Calm down, a Bobi Wine presidency of Uganda is not going to happen anytime soon, and there is ample evidence readily available for those who care to analyse Uganda’s current political terrain. We have seen these charlatans and yellow dog-gangsters before who stoke fears with claims unsupported by any evidence but they eventually fade away, sometimes into oblivion.
By Ofwono Opondo
Next to my office on Plot36 Nile Avenue is a door that has remained ajar, that of a hitherto friend of many years, and former Deputy Executive Director, Col. Shaban (Sebastian) Bantariza who died on October 27, 2020 from the Covid19 he apparently acquired during many of his official public engagements. At his military burial in Mitooma district mourners including his close family could only painfully watch his coffin being lowered into the grave from a safe distance of thirty meters away.
As election campaigns progress into the home stretch and facing defeat, the combined opposition, especially presidential candidates are increasingly getting desperate, heightening acrimonious political discourse laced with blatant lies, fabrications, malice, intimidation and unmitigated display of violent confrontations. They hope to succeed in their grand plan to discredit the electoral process if they can’t thwart President Yoweri Museveni’s win within the first round.
The just concluded presidential nominations passed off successfully with eleven candidates now slated to be on the 2021 ballot paper, except for the publicity stunt orchestrated by Patrick Oboi Amuriat (FDC), and Robert Kyagulanyi Sentamu of the National Unity Platform (NUP). It is worth noting that both belong to the defiance wing of opposition politics that does not believe change can come through the available democratic space.
Tomorrow and Tuesday, the Electoral Commission () will nominate presidential candidates in a crowded field for the forthcoming general elections slated for January 14, 2021, but mostly journeymen without substantial offer in policy alternatives for Uganda’s intractable problems. It will be very hard even for the most ardent journalists to remember some of the names.
In ten days time, the winner in US elections between incumbent Donald J. Trump and Democrat rival former vice president, Joe Biden, or ‘’Sleepy Joe’’ as Trump derisively calls him would have been known. Unfortunately because the US has for a very long time acted the world bogeyman due to its military, economic and internationalist might, many Africans have concluded that they cannot influence the dynamics in US.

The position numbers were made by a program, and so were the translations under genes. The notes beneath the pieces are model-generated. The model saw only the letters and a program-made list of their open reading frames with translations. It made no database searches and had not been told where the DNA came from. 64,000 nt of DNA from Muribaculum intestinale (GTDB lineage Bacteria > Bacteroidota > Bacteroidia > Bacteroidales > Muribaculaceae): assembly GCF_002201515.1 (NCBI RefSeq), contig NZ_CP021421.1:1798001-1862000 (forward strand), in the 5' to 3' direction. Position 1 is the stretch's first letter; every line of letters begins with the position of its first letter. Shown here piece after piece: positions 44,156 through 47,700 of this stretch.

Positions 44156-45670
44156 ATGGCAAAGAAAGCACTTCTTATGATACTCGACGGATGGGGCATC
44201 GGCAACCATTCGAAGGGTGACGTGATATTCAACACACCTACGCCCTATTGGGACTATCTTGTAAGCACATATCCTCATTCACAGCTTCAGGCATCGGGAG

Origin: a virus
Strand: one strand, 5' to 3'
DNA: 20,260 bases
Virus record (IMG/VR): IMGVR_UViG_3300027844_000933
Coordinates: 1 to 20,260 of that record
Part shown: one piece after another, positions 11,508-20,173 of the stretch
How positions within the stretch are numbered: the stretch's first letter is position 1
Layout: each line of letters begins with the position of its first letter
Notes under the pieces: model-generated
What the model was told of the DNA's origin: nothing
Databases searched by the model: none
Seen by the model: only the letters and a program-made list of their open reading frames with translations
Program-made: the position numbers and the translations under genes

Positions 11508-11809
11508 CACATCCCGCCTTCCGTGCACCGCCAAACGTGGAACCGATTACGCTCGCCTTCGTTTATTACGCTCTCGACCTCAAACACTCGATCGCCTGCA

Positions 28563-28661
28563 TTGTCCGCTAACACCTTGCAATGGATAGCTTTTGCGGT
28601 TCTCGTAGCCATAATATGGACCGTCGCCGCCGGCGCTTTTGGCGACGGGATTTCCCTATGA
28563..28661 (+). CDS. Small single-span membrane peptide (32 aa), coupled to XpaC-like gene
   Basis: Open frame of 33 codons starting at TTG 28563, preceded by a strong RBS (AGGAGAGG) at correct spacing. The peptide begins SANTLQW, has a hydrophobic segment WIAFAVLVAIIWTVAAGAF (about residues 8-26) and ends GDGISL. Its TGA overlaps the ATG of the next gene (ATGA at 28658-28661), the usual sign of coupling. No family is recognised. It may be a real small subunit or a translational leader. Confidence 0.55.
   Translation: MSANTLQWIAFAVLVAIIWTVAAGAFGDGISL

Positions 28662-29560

Passing for a democratic political organisation, the proponents of the People Power activism recently acquired the National Unity Platform (NUP), they now seek to hopefully use and get state power in the forthcoming general elections. However, NUP leaders and their activists need to be advised to calm down because the future can be a rough tumble, and merely being a youth doesn’t confer unrestrained rights and legitimacy.
This week, October, 9, Uganda marked fifty-eight years of Independence from British colonial rule, with the official ceremony held at State House Entebbe by virtual means because of the Covid-19 pandemic under high restrictions on public gathering and social distancing that has become the new normal. On occasions like this in the past we found solace in blaming colonialism and neo-colonialism for the misfortunes.
Author and journalist Phillip Colin’s book “When They Go Low, We Go High: Speeches that shape the world and why we need them,” is a line often quoted by many including Michelle Obama, and worth referencing to Col (Rtd) Dr Kizza Besigye’s recent falsehoods about the NRM yellow bicycles and motorcycles. Kizza Besigye could be suffering from a disease called Munchausen Syndrome. This disease is an attention-seeking personality disorder which is more common than statistics suggest.
As usual in matters of public policy there are mixed reactions including negative uproars over government’s decision to reopen schools on October, 15, 2020 starting with candidate classes of primary seven, senior four and six, and finalists in tertiary institutions and universities. Not surprisingly, the ubiquitous unsupported rudimentary arguments from some MPs opposing the resumption of schools don’t add much value towards a common clear end point.